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Backlogging: 'Mad Max'

{GAMING}

Backlogging: 'Mad Max'

Shaun Cordingley

I am a sucker for all things Mad Max; for whatever reason, I have always had a soft spot when it came to that franchise, and my intense enjoyment of Mad Max: Fury Road helped me remember my love for the series, as well as upped it to a new level. I had heard mixed things about the 2015 PS4 (and XB1, PC, MAC) game Mad Max, but I eventually settled on the idea of giving it a spin to see what I thought for myself when the game had recently been on sale. 

Set...um...while it's not set specifically in the film universe (read: it's not canon), Mad Max is inspired by it, and George Miller was (apparently) consulted during the games' pre-production, as it is very much Mad Max, and relies on some of the lore...particularly from Fury Road



In Mad Max, the player takes the role of Max Rockatansky who finds himself without his iconic Interceptor (car) after a run in with Scabrous Scrotus (one of Immortan Joe's, from Fury Road, children), leader of a band of War Boys and ruler of Gastown. From there, your Max joins forces with Chumbucket, an exiled Blackfinger (read: mechanic) who dreams of building the holiest car he can imagine: the Magnum Opus.  Over the course of the game, Max and Chumbucket drive around the wastelands, helping out local, non Scrotus-affiliated leaders, and building up the Magnum Opus so Max can get....well originally he is driven by a desire to "cross the Plains of Silence" (essentially to get away from himself, and his past...), but eventually it turns into a revenge story wherein you're building the car in order to take down Scrotus.

The story was interesting; as far as a Mad Max story goes, it was rather interesting, and takes an incredibly strange turn at the end of the third act, but the trick was, a lot of the in game time was not spent on story. 
At it's heart, Mad Max is an open-world game third person action game, filled with various locations to explore, collectables to pick up (mostly in the form of history relics--images and signs before the world fell into the apocalypse), and a whole lot of sand, and jerks trying to blow your car up. Some open-world games struggle with emptiness, where their world does not feel alive, but Mad Max actually revels in that--the environment feels like Mad Max, and every time you come across something that isn't just another dune (an old, rusted hulk of a ship, or a blasted out gas station), you feel that rush of "maybe there's something good in there for me to grab/it could be filled with psychopaths with knives". I spent hours just driving around the wasteland, looking for parts for my car, or to help a local leader build up their stronghold.

The car combat in Mad Max is spectacular, and easily some of the best that I have experienced in a long time--there's such a diversity in combat possible that every situation, every rival car/convoy/war party I ran into felt different, and played out differently as my car got stronger, and more heavily armed. I found myself inordinately fond of "Thunderpoons" (explosive tip harpoons), but every weapon I found had it's uses, and Mad Max was one of the few games where I found that I did not settle on just one, but would actually rotate between and come up with different strategies.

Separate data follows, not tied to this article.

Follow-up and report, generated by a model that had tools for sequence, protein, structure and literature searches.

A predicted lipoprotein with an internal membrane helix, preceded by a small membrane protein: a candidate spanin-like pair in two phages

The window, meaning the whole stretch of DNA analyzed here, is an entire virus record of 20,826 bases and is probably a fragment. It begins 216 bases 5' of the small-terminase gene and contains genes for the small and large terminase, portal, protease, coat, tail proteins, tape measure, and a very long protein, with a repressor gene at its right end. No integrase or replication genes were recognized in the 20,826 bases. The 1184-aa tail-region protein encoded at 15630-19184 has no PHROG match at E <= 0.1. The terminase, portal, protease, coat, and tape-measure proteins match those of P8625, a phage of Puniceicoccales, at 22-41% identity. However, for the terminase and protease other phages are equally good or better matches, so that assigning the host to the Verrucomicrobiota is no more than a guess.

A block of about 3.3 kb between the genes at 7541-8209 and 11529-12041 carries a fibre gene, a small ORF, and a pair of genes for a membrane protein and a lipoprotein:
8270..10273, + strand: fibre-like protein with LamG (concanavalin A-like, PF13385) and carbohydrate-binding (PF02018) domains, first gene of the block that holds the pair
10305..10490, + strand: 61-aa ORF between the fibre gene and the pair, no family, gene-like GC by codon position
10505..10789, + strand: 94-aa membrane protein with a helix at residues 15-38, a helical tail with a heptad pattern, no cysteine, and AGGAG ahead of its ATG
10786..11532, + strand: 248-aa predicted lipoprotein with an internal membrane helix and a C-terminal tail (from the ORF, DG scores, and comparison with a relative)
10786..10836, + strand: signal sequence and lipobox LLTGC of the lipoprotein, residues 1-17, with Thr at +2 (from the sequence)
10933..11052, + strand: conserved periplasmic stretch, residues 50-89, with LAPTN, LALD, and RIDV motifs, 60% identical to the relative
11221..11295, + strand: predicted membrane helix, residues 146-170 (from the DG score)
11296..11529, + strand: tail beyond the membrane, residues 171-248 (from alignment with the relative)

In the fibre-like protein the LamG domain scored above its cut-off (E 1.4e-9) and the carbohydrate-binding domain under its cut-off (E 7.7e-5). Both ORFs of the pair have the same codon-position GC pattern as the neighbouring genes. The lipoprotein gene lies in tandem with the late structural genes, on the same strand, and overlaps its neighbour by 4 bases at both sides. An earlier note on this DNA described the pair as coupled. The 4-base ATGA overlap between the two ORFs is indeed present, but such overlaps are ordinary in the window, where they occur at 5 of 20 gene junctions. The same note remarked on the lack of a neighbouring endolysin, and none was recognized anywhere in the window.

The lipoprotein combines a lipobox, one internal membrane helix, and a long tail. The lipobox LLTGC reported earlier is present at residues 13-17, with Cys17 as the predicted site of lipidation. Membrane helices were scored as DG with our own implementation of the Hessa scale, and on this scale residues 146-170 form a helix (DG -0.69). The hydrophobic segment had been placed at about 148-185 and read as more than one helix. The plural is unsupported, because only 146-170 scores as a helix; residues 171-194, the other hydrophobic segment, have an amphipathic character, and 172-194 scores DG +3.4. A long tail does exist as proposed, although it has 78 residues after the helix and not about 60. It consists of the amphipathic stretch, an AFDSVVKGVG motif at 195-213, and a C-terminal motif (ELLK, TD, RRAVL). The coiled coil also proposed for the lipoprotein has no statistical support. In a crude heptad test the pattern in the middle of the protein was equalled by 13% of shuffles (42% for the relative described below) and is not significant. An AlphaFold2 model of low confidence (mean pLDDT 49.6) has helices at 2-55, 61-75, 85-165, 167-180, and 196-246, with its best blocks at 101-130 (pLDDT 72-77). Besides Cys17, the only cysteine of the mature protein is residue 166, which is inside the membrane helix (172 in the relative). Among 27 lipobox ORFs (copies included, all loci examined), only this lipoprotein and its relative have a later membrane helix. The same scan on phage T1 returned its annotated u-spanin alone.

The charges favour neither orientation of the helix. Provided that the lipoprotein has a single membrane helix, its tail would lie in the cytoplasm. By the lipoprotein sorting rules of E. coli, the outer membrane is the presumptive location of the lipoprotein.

Unfortunately car combat was only about 2/3 of the combat--hand to hand combat in Mad Max was repetitive and rather dull. It felt like the combat in the Batman: Arkham series or Shadows of Mordor, but without the diversity, or tactical shifts that either of those games had. Regardless of the situation, I often just ended up hitting two buttons over and over again, and the only (literally, the only) time I would get hit is if I was tired, or started paying attention to something else...This reminds me, unfortunately of the Assassin's Creed franchise (and why I stopped playing it). The thing with the earlier Assassin's Creed games (like say, II), was that it still felt new, and the story quests were interesting (especially for someone who studied that era of Italy in University)...

The story quests, and quest variety (especially side quests) in Mad Max, however, felt tired. They were largely the same from top to bottom, usually involving driving somewhere, punching dudes, driving back. Again, and again, and again. Want to clear that stronghold of Scrotus' soldiers? Drive in, get out of your car (you have to, always), punch dudes until there are no more dudes...when you couple this with the repetitive combat I talked about above...
Let's just say, I had to convince myself to finish this one, and I ended up just skipping a lot of side missions to at least experience the fun cut-scenes, and the interesting Mad Max story, to get to the end. 

So what do I think about Mad Max? It was fun, especially when you are bombing around the wastes in your car, and pieces of the story got to be interesting (especially if you are into the Mad Max universe), but the repetitive quests and frankly dull hand-to-hand combat makes me think that this is a game that...if you're really into Mad Max (particularly Fury Road), and can grab it on sale (and now know what you're getting into), or you really want some good car combat, you should give it a go.

Otherwise, I can think of several third-person action games you would probably enjoy more, and a few that are coming out that I have much higher expectations for. 

-S (@Shauncord